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Domestic medicine is a term which refers to healing work and self-care that took place in the home.    Historically, physicians were the province of the very wealthy and only called to most homes as a last resort. Self-care and physick work was part of the subsistence work of females dominated healing practices until the late 19th century. Women grew medicinal herbs and used them to care for their family and neighbors, yet historically the common woman’s role contribution to healing has been overlooked.  Happily, there are manuscripts, which document their contributions to the history of healing which. There are archived still room books, receipt books and family healthcare manuals that accompanied this work. I have cataloged many of the preparations in these works and looked for modern research to support their uses.  I then applied these remedies in my clinical work. In this class, I will explain this history, provide scientific support of folk remedies and talk about my experiences utilizing some of the preparations.

Stephany Hoffelt, BA, HAS

 Stephany has over a decade of experience in the herbal field - although her children might tell you over twenty based on their upbringing. After beginning her career as a self-educated folk herbalist, Stephany eventually decided to pursue a conventional education culminating in a Bachelor's degree from Goddard College in Plainfield, Vermont. At Goddard, she studied clinical herbalism, ethnobotany and ecological design. She embraced the philosophy of the Goddard's health arts and science program, which is bridging nature, culture and healing, as necessary aspects of an integrated approach to wellness. Having this perspective has allowed her to meld the historical practice of community healers with the modern scientific research in a unique manner. Her thesis, "Reviving the Bean Feasa: Building Resilient Communities through Folk Healing", is a culmination of that work. In addition to working as a healer in her community, Stephany is part-time learning facilitator at Kirkwood Community College. She teaches continuing education classes on herbal self-care and preparation. She also works on course development for the Herbal Academy of New England's Advanced Course. She presently presents at various herbal conferences, including the American Herbalist Guild Symposium, The Traditions in Western Herbalism Conference and the Midwest Women's Herbal Conference. ​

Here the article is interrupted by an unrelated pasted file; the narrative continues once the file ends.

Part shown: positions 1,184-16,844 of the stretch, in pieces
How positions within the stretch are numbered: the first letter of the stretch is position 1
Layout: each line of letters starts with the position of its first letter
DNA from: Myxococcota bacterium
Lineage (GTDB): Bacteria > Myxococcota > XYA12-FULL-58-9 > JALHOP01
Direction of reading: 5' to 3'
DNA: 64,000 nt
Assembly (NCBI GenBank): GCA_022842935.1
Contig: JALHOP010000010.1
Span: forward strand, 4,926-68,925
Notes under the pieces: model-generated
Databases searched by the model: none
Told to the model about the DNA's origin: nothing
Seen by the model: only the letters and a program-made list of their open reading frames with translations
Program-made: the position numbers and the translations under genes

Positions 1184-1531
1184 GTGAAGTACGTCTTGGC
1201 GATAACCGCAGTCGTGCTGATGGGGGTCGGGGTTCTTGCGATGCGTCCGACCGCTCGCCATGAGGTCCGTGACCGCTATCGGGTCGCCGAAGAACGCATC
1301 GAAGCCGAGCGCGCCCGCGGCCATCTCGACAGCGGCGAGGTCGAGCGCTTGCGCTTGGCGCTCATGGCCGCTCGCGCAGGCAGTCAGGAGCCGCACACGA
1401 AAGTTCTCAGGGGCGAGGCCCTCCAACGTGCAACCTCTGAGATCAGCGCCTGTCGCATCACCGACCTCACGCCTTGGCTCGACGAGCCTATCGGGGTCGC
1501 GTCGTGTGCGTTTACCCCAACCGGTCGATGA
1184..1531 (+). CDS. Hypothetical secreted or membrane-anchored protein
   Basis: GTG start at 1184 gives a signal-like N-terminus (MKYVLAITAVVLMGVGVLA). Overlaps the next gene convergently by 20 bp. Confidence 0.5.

Join us for the 11th annual Midwest Herb Fest, August 4-6, 2017 Register Now

  • Learn

To identify wild medicinal plants. Herbal uses, contemporary and historical

Herbal Medicine Making

  • Explore

Herb Walks

Tree Walks

Self guided tours

  • Entertainment 

Live music - River Glen on the mainstage

Fire Spinning - varied artists, Mamma Beth the Fyre Wytch (poi+), KC Wilkerson (dart) & more.

  • Open Events

Labyrinth walk - facilitated by Jackie Lakey.

Drumming - at the bonfire.

Auction - fund raiser, donate items or services to raise money for our herb trail and other projects.

  • Get Back to Nature

Primitive camping

RVs welcome (sorry, no hook-ups).

Private clothing optional area secluded from event activities, 

  (must be 18 and over, or be accompanied by parents)

#MWHF #MidwestHerbFest